1. IN CONGESTIVE HEART FAILURE

Whenever heart becomes dilated (radius increase) e.g. as seen in congestive heart failure, heart becomes less efficient. Ventricular contractions become poor and blood cannot be ejected well so stroke volume decrease.

Vasodilators are given to patients with congestive heart failure. Due to these vasodilators, blood will pool in the veins and venous return to heart decrease, which in turn reduce ventricular filling and radius of heart decrease. Due to this reduced radius, heart can produce more

pressure and thereby increase ejection fraction. This pressure generated by ventricles is needed to overcome afterload.

Diuretics are also given to patients with congestive heart failure. Due to diuretics, total blood volume is reduced thereby reducing venous return and leading to smaller radius of heart.

Positive ionotropic drugs such as digitalis increase tension on heart and thereby pressure generated by heart also increase.

2. IN ISCHEMIC HEART DISEASE

Oxygen demand ∝ Minute cardiac work

Minute cardiac work = Cardiac Output x Aortic pressure = Volume work x Pressure work

In ischemic heart disease, coronary arteries are narrow due to which oxygen supply is reduced.

To combat this oxygen supply deficit, we’re interested in decreasing oxygen demand. Oxygen demand can be reduced by reducing cardiac work.

We reduce cardiac work by reducing pressure work, as we don’t want to reduce cardiac output.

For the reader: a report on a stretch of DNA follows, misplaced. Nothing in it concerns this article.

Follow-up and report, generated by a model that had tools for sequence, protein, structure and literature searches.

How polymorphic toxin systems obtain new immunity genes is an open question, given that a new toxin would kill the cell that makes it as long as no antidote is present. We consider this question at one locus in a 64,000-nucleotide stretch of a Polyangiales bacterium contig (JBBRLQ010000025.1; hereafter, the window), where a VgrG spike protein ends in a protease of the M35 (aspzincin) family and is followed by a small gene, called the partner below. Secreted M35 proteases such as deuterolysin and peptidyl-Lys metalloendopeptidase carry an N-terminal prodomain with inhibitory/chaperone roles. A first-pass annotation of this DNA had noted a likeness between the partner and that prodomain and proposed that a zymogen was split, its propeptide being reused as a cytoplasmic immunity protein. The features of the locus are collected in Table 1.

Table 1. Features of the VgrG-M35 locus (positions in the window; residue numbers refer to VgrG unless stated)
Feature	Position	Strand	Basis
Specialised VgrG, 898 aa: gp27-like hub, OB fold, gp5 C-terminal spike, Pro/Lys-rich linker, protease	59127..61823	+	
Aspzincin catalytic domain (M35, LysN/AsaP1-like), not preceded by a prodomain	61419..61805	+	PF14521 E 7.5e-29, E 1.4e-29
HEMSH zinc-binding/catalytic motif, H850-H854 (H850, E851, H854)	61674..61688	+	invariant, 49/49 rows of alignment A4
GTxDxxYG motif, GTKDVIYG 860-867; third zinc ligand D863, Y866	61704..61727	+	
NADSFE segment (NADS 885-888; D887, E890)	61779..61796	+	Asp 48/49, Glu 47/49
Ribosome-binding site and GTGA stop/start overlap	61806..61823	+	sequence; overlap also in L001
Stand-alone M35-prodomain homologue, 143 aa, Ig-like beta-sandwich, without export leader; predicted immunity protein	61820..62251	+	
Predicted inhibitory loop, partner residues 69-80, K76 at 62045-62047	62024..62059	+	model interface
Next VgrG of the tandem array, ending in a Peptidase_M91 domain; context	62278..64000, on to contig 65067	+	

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Pressure work i.e. pressure in aorta can be reduced by giving arteriolodilators. Due to arteriolodilators, pressure in aorta drops as total peripheral resistance decrease.

Venodilators are also given so with less radius, pressure of ventricle can increase.

Preload is the load (pressure) on ventricle before it starts contraction, so it is the load on ventricle when ventricle is relaxed.

Preload is primarily the blood volume present in left ventricle when ventricle is relaxed. This volume is also called end diastolic volume.

When end diastolic volume increase:

- Left atrial pressure increase - Pulmonary vein pressure increase - Pulmonary wedge pressure increase Pulmonary Wedge Pressure

To determine pulmonary wedge pressure, we insert a catheter called Swan Ganz catheter from cubital vein and enter through superior vena cava and eventually into pulmonary artery. With the tip of the catheter, one vessel is blocked. At the tip of the catheter, there is pressure transducer which measures the pressure in pulmonary artery. In this way end diastolic pressure is measured as pressure in